7 Ways to Thrive After Divorce
Posted 3/9/2016 by UHBlog
Any major life change can leave you stressed, but for many, divorce is an especially challenging transition. Besides the many emotions you may feel about the end of your marriage, rediscovering yourself after divorce can overwhelm you.
But with 48 percent of first marriages dissolving by the 20-year mark, many people in midlife will find themselves divorced. How you adapt to divorce can have a huge impact on your health and well-being, says psychologist Danette Conklin, PhD.
“The stress of divorce can lead to a lot of health problems,” she says. “It can be a precipitating factor in depression. It can also contribute to emotional eating, poor nutrition, excessive alcohol use and increased drug use or abuse.”
Fortunately, there are tried-and-true strategies to move forward with your life and get over negative thinking and/or behaviors. Here are seven ways that Dr. Conklin recommends to help you thrive after a divorce:
- Be kind to yourself – According to Dr. Conklin, there's no one process to work through your feelings about your divorce and managing your daily life after your divorce. But with more than 20 percent of first marriages ending in divorce within five years, chances are you’ll know someone who has been in your shoes.
“It can help to talk to someone who can relate to you – and basically validate your feelings,” she says. Or you may want to write a list to help you see the advantages of being divorced, particularly if your marriage was difficult or abusive.
This is especially important for men, Dr. Conklin says, because their support systems – family and friends – often aren’t as extensive as women’s.
“A lot of times women adapt better to divorce than men,” she says. “That’s because women tend to have healthier coping behaviors.” For example, women talk to friends and family about what’s bothering them, while men may hold it inside.
- Rediscover yourself – If your marriage lasted a long time, you may have put your own interests aside and now need to relearn what you like.
“Getting to know yourself again can be very empowering,” she says. “You have time to explore and develop your interests and what you're good at. People find themselves saying, ‘I really like this’ or ‘I’m good at this.’ It helps you get back into life and realize that you don't have to rely on a spouse.”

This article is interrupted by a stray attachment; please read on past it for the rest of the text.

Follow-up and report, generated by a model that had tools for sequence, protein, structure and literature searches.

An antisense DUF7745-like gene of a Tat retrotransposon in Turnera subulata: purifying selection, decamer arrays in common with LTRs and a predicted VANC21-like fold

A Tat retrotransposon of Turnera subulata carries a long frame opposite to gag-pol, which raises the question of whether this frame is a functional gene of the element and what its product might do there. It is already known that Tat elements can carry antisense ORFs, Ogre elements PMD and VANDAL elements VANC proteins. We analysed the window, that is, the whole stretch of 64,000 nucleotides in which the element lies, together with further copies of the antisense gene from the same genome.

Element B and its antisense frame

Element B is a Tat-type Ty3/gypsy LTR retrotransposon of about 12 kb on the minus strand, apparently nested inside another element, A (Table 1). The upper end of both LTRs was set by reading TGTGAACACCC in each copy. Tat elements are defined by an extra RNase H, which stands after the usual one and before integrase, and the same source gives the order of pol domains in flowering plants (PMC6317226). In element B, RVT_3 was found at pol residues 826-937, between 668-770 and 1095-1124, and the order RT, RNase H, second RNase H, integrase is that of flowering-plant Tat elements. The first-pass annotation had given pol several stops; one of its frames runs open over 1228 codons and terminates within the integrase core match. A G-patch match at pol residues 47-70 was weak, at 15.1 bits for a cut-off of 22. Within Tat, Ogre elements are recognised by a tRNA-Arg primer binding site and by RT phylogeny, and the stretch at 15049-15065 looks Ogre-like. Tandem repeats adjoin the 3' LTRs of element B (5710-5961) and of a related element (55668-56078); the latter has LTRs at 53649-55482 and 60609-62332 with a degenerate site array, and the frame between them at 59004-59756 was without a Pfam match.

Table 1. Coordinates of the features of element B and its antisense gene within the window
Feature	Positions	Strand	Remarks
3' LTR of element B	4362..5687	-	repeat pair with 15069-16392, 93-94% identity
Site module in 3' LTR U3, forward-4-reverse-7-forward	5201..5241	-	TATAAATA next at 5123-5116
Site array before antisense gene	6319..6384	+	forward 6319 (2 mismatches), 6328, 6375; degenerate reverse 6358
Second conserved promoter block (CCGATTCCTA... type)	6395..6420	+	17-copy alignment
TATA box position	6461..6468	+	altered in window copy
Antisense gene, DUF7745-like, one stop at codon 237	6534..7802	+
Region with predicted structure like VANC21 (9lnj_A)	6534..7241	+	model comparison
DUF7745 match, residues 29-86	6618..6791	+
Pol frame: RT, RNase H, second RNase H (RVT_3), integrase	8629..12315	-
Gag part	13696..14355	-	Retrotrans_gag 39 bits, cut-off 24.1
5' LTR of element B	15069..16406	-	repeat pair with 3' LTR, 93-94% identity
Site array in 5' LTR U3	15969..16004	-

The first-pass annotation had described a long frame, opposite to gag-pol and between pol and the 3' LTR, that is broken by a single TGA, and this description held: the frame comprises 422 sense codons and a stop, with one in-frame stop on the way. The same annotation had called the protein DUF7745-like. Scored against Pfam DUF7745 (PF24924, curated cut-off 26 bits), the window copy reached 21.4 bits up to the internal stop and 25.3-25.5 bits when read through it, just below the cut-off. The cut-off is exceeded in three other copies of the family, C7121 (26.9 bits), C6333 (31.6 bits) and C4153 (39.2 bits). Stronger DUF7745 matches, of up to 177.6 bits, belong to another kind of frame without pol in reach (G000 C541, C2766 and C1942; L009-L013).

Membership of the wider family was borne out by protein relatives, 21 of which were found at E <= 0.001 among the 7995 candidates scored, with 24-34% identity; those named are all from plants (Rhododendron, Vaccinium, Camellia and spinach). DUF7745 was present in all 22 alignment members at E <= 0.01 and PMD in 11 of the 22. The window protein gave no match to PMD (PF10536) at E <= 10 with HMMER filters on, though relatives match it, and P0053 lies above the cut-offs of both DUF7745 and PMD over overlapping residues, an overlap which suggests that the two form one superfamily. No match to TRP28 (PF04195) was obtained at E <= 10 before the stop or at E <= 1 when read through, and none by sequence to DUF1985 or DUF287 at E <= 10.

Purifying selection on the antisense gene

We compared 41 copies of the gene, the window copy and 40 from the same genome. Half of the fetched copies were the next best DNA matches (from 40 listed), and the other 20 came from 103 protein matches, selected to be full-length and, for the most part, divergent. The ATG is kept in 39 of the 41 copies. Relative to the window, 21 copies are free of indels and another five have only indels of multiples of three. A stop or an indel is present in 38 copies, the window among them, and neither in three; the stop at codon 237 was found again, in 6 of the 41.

- Accept the older version of you – Usually maturity and age go hand-in-hand. Sometimes learning to accept what time does to your body is a stumbling block for the recently divorced, Dr. Conklin says.
“Sometimes there is this mindset of, ‘Nobody is going to want me because I’m old,’ or ‘What if I fail again,’” she says.
Instead, approach your current stage of life with a desire for self-knowledge and self-appreciation.
“Education is really key,’ Dr. Conklin says. “We see a lot of changes in our bodies – physically, cognitively, emotionally, etc. Educate yourself as to what is normal in your body and be accepting of it. You're not going to be who you were in your 20s. You'll have become sophisticated and experienced.
“This will help you to be proud of your age, especially when you realize the wisdom you have that you can now share,” she says. “Embrace your wisdom and all the things you’ve learned. Focus on how you can use your insights to benefit others.”
- Take baby steps – If it intimidates you to socialize – let alone date – start small, Dr. Conklin says. Likewise, with handling various child-rearing, household and/or financial tasks. This allows you to grow more confident in your own capabilities.
- Redefine your roles – You may need to talk to others about what they can expect of you, especially if you’re a parent.
“If you’ve been doing things for your child as if he is 10, but he's 30 now, that relationship needs to change,” Dr. Conklin says. “Consider this part of your self-care and process towards empowering yourself.”
- Develop healthy habits – No matter what your age, it’s important to practice healthful habits, Dr. Conklin says. These include eating healthy, taking part in regular exercise, getting enough sleep and seeing your doctor regularly.
- Get help – If you find yourself “stuck” – meaning you’re angry, hurt, depressed, etc. – after your divorce and unable to move on emotionally, you may want to see a psychologist.
“We can help you sort out your feelings so that you’re able to move on faster and gain self-confidence,” she says.
Danette Conklin, PhD is a psychologist and director, Midlife Wellness for Women at University Hospitals Cleveland Medical Center. You can request an appointment with Dr. Conklin or any other University Hospitals doctor online.